She shared some of her own coping mechanisms that kept her from losing all hope during her time in the prison camps.

"I made up a game where I would look for four pebbles that were all similar in shape and size, and each one would represent each member of my family," she said. "If I could find a nearly matching set of four pebbles, it would be a sign that my family and I would survive our ordeal with our lives intact."

Finally, in the spring of 1945, Marion, her family, and the other prisoners had their hope and their faith rewarded when a group of Russian soldiers liberated them after nearly seven years of imprisonment.

Marion, then 10 years old, weighed only 35 pounds.

They received food, medical attention, and many had to shave their heads to eliminate the lice infestation.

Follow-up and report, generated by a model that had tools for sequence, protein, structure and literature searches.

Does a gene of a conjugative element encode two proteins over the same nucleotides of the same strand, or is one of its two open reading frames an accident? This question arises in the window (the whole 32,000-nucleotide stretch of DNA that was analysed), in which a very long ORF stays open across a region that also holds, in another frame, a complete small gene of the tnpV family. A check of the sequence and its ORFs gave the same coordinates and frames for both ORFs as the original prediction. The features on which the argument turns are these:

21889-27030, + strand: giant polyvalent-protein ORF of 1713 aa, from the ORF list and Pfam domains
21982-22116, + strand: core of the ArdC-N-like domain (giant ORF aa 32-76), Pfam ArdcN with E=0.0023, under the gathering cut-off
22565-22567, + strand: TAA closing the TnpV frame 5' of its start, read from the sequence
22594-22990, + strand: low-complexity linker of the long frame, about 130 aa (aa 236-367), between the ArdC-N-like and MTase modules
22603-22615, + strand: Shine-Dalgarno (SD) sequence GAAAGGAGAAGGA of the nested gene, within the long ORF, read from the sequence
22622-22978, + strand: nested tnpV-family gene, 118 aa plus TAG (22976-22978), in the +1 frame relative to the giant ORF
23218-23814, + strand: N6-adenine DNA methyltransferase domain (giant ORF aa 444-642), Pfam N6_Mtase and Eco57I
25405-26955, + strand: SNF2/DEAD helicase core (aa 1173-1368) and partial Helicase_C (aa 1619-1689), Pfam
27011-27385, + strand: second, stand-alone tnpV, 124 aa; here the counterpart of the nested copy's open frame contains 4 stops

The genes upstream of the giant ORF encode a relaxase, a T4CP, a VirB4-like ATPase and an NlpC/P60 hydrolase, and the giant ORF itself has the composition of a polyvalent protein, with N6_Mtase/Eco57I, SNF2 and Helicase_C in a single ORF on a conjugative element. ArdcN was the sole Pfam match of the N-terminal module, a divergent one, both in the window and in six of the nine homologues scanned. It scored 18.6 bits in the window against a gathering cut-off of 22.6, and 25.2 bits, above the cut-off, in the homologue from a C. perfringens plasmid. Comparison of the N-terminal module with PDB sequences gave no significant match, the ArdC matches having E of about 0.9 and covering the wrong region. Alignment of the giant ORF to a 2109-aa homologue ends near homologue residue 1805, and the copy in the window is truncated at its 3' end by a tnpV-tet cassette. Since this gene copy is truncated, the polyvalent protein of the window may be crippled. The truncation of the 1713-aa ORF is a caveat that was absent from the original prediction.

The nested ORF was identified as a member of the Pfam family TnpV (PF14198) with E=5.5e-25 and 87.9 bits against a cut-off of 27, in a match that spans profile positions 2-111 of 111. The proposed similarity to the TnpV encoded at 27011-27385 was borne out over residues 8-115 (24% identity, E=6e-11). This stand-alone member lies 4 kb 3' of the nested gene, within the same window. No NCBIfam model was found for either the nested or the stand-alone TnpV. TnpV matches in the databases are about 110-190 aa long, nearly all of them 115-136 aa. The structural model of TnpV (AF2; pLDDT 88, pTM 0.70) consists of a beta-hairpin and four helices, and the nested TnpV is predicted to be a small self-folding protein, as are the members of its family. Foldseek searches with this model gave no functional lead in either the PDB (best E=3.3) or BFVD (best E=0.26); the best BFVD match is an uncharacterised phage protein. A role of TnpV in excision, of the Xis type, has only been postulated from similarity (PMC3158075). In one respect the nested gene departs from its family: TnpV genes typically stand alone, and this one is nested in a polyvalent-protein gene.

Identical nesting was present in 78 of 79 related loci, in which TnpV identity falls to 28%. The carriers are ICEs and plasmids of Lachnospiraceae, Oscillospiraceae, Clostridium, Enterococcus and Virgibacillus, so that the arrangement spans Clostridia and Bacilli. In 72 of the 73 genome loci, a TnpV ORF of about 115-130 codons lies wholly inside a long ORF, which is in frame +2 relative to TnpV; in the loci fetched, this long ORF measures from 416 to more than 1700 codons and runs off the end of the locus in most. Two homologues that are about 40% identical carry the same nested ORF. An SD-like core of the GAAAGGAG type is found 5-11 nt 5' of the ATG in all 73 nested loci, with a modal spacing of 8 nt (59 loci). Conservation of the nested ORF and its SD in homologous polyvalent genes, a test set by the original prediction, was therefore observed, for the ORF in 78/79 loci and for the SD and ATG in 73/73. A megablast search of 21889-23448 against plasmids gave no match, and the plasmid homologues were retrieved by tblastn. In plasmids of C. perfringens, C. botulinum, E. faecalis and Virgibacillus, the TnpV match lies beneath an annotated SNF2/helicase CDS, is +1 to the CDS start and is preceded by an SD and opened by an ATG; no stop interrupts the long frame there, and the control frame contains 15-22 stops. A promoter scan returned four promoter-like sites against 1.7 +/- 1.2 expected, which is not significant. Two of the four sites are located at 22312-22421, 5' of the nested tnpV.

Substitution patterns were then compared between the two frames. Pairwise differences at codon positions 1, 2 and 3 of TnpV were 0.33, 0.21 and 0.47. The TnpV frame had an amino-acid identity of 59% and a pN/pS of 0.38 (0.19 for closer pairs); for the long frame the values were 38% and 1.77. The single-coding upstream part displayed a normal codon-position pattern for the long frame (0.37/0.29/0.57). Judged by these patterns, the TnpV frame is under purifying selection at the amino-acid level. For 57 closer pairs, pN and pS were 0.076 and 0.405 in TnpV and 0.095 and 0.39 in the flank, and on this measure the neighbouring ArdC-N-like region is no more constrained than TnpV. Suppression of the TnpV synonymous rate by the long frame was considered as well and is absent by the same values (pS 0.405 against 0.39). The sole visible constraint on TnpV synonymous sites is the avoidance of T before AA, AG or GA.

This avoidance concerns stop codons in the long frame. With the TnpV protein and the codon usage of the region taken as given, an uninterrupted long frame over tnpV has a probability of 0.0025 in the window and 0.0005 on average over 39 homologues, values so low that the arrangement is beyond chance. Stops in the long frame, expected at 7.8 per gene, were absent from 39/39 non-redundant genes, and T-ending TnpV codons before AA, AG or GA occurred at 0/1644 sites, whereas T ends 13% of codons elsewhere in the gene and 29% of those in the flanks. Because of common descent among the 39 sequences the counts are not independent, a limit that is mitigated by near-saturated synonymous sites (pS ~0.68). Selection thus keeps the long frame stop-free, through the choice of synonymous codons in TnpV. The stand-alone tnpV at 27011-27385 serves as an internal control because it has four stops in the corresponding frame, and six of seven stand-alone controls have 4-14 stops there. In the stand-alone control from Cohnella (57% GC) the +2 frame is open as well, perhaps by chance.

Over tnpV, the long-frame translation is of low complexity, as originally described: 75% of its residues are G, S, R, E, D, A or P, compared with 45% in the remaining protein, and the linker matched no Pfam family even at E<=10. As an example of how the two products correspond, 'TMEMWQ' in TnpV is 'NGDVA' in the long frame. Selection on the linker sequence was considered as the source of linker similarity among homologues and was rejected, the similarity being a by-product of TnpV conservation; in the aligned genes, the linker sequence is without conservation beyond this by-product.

Sadly, Marion's father, Walter, had contracted typhus, and succumbed to the disease only six weeks after their liberation.

Over the next three years, she, her mother and brother continued to struggle and wait before they were finally able to relocate to the U.S. They moved first to Holland again where they learned Dutch, then to Palestine (modern-day Israel) where they learned Hebrew, and finally to the U.S. where they learned English.

Having spent nearly seven years in captivity had left its mark, however.

"We had to relearn everything that we had either forgotten or never had a chance to learn when we were in the prison camps," she said. "We had to readjust to normal life, which was a hard adjustment to make--table manners, social skills, money, education--it was a difficult transition."

Marion's story is one of hardship and struggle, but ultimately one of courage, hope and overcoming the odds.

"Despite those early years spent in Nazi concentration camps, my life today is full and rewarding."